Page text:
NEW YORK (CBSNewYork) - Authorities said David Laffer, who is serving a life sentence for killing four people at a Long Island pharmacy, received more than 10,000 pills from dozens of doctors.
WCBS 880's Sophia Hall On The Story
Now, state attorney general Eric Schneiderman said he wants the legislature to approve the I-STOP program. I-STOP is short for Internet System for Tracking Overprescribing.
The way it works is when a person walks into a doctors office complaining of pain, before a prescription is written out, the doctor, using the I-STOP computer program, can check to see if that person has been prescribed an painkiller - like Oxycodone or Hydrocodone - recently from another physician indicating this person could be addicted.
All of this would work in real time.
"This database will help doctors make sure a patient actually needs the medication, and isn't simply seeking to feed an addiction," said Schneiderman on Tuesday.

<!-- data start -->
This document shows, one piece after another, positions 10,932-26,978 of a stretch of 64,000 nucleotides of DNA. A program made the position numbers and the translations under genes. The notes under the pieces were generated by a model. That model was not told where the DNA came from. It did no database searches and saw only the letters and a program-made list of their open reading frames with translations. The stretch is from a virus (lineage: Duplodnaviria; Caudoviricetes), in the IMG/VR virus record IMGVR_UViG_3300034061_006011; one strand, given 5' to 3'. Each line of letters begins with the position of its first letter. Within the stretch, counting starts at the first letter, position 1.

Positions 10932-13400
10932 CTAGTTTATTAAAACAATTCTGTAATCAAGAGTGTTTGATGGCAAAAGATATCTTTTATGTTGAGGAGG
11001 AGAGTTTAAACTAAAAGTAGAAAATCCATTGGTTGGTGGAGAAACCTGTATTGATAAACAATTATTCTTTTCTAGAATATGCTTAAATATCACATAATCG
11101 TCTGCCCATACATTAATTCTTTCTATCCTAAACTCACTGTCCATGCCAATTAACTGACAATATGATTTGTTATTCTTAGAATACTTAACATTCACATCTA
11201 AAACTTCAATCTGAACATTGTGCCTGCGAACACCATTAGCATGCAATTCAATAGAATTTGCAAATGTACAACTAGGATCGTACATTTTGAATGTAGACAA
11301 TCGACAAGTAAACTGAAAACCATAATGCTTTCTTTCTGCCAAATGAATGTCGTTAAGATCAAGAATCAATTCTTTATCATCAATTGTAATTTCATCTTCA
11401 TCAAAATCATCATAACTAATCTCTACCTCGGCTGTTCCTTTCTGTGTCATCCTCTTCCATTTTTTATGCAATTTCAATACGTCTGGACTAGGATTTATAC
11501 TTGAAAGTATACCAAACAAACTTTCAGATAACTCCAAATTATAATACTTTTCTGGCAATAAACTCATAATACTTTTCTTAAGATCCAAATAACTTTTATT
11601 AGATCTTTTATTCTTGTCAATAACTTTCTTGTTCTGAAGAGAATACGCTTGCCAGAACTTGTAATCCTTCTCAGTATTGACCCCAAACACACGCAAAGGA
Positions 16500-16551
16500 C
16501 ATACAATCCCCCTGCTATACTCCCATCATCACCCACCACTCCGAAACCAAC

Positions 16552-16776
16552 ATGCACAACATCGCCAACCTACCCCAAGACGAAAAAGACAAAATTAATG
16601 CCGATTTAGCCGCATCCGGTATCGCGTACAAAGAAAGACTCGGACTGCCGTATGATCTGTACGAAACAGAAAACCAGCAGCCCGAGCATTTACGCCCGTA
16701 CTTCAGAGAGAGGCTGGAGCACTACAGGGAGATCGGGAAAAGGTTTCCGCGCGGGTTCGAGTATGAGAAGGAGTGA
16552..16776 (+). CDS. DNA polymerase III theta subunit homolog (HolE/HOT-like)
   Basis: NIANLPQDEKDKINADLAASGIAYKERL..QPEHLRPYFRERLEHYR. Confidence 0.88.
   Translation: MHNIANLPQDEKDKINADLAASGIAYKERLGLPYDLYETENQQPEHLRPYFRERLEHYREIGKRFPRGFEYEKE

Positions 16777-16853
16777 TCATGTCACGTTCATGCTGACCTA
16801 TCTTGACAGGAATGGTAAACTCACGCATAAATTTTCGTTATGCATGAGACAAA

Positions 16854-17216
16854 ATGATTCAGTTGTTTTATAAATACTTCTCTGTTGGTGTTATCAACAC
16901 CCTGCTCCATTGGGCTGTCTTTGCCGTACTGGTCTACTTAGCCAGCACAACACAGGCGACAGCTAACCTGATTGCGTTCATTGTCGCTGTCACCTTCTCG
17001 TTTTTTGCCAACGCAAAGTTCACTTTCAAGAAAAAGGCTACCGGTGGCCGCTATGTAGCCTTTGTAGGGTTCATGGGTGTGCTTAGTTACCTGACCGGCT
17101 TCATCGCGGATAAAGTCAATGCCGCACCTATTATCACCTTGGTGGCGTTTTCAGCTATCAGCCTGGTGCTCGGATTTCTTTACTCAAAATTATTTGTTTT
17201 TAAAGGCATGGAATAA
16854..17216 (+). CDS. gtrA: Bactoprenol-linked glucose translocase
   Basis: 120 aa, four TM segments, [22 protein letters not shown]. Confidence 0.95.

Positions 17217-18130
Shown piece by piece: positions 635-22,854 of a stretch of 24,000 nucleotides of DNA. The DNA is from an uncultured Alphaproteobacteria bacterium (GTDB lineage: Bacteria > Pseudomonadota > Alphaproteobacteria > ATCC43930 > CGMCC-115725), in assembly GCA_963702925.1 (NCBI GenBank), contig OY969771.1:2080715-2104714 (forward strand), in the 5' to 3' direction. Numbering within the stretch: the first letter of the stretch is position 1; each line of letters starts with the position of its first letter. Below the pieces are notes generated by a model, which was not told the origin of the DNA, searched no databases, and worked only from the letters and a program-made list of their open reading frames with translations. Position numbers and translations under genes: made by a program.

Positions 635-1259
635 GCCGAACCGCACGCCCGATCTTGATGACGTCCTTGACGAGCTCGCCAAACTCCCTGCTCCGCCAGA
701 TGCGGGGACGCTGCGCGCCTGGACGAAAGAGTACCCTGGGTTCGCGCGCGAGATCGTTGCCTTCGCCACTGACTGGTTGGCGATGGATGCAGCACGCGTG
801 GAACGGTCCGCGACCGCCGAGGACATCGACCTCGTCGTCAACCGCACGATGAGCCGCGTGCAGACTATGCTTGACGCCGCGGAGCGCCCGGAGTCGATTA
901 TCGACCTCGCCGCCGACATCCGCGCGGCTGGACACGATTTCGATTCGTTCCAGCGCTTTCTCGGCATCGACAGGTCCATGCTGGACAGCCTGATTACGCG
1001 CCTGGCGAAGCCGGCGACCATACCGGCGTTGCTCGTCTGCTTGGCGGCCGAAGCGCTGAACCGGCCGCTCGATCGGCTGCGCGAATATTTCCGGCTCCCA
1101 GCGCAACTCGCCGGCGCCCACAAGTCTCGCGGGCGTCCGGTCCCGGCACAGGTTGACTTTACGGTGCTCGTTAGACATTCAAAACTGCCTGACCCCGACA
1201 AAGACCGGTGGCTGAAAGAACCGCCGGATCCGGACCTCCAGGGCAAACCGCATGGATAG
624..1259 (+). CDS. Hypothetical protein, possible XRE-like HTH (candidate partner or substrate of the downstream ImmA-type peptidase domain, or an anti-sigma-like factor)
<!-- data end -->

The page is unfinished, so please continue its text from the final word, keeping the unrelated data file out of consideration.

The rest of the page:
He said the system would be part of the HIPPA law, which would ensure privacy.
A database, run by the New York State Health Department, does currently exist for prescription drugs. However, because the system is voluntary, only a fraction of doctors use it. Pharmacists are not allowed to access the current database, which is not updated in real time.
The legislation favored by the attorney general would report and track certain controlled substances in real time to prevent doctor shopping and would require doctors and pharmacists to check the database, 1010 WINS' Mona Rivera reported.
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